output that matches the given specifications. You will hand in both your
chosen algorithm and your implementation of it in LMC assembly language.
Duplicate submissions will constitute Academic
Fraud; share your ideas, not your algorithm or your source code.
Sample Input and Output
Input: 005 001 008
Output: 001 005 008 007 006 004 003 002
Input: 013 016 010
Output: 010 013 016 015 014 012 011
Input: 101 100 102
Output: 100 101 102
Input: 999 998 998
Output: 998 998 999
Input: 000 000 000
Output: 000 000 000
Write a pseudo-code algorithm that implements the given program
specifications. Pick proper names for your variables. Use good
names that reflect the functions of the variables in the original problem
(vacation days). You will
be handing this in. (My pseudo-code was about 25 lines long. I
tested the logic of my pseudo-code by turning it into a C program that was
about 31 lines long and a Perl program that was about 25 lines long.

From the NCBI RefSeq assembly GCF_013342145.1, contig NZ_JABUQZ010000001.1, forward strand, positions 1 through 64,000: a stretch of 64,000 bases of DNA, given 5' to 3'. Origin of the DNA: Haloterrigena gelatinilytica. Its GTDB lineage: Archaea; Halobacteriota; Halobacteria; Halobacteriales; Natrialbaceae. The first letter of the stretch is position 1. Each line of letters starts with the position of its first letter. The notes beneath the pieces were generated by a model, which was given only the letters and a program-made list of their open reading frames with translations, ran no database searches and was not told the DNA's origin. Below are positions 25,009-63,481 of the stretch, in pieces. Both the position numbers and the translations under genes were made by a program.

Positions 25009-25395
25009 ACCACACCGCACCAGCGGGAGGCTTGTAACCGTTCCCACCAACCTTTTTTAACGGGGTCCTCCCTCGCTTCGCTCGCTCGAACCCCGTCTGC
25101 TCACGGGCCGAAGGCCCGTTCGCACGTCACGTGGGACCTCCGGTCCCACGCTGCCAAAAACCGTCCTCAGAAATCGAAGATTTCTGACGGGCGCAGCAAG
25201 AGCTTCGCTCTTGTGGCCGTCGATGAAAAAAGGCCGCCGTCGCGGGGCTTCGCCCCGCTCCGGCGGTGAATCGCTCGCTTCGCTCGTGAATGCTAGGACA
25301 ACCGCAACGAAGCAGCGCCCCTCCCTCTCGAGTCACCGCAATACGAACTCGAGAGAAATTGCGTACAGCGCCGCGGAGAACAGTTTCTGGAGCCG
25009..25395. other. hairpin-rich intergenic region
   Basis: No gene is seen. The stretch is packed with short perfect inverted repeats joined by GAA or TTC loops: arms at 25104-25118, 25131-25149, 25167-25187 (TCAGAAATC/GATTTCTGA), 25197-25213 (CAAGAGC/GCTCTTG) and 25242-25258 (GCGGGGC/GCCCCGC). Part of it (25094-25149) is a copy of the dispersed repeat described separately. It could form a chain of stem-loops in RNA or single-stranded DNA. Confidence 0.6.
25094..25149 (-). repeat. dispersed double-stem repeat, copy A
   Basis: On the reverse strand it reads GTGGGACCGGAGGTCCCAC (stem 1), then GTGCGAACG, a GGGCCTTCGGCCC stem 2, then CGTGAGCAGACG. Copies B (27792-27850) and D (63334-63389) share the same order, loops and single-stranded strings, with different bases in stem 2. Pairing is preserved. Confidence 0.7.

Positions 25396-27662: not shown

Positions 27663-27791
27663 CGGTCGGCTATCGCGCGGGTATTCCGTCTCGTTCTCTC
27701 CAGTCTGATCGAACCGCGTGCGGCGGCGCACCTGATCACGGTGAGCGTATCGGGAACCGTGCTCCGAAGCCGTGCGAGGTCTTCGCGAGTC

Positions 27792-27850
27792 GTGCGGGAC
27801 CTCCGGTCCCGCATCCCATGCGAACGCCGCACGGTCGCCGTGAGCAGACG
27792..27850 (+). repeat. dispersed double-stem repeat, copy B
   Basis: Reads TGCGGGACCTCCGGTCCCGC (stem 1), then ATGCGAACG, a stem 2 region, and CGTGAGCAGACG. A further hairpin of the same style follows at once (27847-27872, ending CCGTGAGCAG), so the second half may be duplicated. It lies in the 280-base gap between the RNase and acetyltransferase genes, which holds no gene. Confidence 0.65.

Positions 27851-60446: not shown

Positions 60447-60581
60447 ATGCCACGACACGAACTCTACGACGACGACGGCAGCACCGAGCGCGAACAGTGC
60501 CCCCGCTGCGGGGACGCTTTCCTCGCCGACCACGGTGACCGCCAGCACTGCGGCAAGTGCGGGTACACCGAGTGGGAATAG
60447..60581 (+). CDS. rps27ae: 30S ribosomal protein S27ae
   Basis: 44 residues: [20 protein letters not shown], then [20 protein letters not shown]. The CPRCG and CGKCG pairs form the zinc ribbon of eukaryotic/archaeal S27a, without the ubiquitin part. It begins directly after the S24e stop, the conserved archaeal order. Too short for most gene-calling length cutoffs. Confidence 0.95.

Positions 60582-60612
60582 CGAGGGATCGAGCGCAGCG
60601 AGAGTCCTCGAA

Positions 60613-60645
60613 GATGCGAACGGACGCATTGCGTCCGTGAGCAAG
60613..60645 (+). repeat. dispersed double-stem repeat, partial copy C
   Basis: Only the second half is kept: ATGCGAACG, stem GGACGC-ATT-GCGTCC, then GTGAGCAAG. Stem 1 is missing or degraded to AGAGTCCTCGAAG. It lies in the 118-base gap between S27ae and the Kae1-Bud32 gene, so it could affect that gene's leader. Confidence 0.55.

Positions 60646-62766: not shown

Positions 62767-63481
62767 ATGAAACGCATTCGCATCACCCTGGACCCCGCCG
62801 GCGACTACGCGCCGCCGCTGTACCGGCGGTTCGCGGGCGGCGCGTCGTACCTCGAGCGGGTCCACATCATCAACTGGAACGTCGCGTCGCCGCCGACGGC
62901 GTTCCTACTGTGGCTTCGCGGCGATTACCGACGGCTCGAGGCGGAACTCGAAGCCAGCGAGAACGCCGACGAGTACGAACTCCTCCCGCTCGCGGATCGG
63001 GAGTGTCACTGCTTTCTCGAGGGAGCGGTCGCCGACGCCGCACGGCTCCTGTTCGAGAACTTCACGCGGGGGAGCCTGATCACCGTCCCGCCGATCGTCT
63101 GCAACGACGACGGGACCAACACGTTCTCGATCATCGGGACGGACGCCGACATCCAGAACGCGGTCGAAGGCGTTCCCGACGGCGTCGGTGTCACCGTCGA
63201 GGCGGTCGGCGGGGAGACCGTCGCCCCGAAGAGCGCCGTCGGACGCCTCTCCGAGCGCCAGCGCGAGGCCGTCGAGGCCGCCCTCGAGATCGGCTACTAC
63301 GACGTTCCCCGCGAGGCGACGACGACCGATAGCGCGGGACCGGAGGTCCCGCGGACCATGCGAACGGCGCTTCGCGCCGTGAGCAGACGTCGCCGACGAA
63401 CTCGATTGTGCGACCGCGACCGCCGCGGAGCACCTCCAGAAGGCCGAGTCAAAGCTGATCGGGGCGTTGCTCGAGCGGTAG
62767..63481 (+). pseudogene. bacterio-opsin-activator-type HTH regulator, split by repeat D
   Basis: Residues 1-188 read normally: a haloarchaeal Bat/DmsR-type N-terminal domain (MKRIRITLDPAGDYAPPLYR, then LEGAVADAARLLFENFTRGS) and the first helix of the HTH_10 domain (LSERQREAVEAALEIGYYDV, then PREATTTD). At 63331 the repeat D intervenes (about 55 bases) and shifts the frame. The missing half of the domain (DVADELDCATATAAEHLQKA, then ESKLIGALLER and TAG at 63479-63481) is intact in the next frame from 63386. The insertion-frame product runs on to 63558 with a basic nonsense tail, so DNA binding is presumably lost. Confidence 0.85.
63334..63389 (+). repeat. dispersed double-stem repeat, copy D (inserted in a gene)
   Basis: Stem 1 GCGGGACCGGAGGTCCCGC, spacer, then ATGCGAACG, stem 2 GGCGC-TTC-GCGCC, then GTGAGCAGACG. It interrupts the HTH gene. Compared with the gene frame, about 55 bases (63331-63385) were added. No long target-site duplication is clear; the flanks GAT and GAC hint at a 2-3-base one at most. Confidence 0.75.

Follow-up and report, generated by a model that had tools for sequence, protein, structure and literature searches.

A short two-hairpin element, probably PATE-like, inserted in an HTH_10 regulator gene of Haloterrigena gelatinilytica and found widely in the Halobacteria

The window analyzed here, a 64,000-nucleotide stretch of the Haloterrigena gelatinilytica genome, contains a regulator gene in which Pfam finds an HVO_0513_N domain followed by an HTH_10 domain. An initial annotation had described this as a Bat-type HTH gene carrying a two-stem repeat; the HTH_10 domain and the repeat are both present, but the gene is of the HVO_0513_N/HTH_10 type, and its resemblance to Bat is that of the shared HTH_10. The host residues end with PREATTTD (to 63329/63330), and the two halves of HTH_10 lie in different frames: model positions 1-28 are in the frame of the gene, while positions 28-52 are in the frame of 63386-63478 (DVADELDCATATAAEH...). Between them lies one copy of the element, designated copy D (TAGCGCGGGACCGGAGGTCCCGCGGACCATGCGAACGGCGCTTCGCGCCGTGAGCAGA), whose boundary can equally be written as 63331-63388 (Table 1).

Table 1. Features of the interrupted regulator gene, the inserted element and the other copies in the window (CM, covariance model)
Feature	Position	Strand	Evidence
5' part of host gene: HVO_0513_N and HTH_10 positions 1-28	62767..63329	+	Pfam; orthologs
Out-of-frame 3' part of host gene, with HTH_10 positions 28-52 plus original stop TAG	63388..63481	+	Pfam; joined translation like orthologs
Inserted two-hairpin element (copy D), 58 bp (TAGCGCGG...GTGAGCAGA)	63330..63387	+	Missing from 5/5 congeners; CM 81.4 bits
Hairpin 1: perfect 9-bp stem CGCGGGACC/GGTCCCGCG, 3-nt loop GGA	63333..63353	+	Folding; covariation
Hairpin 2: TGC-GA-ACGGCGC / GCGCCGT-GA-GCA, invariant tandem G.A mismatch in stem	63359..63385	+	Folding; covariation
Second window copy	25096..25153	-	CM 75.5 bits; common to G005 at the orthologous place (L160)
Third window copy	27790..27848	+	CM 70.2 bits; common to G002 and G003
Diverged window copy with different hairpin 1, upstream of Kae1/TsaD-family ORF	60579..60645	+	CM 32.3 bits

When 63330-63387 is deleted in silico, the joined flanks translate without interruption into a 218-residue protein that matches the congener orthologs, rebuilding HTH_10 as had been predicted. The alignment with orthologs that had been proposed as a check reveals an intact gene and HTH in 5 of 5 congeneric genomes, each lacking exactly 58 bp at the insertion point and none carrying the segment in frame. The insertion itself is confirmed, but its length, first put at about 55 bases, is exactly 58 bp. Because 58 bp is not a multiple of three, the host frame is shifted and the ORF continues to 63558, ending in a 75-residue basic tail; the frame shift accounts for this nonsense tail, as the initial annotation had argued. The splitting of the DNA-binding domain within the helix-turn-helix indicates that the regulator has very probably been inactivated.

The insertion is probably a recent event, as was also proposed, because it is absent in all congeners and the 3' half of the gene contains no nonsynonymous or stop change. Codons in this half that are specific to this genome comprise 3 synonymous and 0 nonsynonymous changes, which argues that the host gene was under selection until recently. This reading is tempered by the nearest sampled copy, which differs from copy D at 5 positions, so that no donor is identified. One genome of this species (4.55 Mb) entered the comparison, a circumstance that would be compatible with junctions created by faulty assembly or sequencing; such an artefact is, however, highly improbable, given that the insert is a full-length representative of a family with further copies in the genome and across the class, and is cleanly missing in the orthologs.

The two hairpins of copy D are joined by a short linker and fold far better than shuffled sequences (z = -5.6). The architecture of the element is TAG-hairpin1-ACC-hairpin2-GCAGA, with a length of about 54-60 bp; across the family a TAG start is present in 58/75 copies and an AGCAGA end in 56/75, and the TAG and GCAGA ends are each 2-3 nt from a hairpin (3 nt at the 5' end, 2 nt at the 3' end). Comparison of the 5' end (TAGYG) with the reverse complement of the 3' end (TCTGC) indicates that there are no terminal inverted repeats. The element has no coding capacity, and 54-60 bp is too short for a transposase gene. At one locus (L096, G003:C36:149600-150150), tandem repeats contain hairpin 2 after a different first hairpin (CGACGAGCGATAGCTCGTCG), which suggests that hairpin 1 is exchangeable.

You can try running it here.)
Translate your pseudo-code into LMC mnemonic instructions. Pay
attention to the details of your algorithm and the placement of each
statement. Do not optimize your LMC code! (My resulting LMC
program occupied about 70 mailboxes. Yours may differ. If it
doesn't fit in 100 mailboxes, choose a shorter algorithm. Less code is
Your translated assembly-language program must be in the usual labels/mnemonics/operands/comments
format. Do not optimize your code! Translate each pseudo-code
statement separately. You will be handing this in.
LMC Mnemonics Notes
- LMC assembly language variable names and labels must start with a letter and may not
contain blanks. (These are the same rules used in most programming
- No numeric mailbox arguments/operands are allowed to instruction mnemonics when writing LMC mnemonic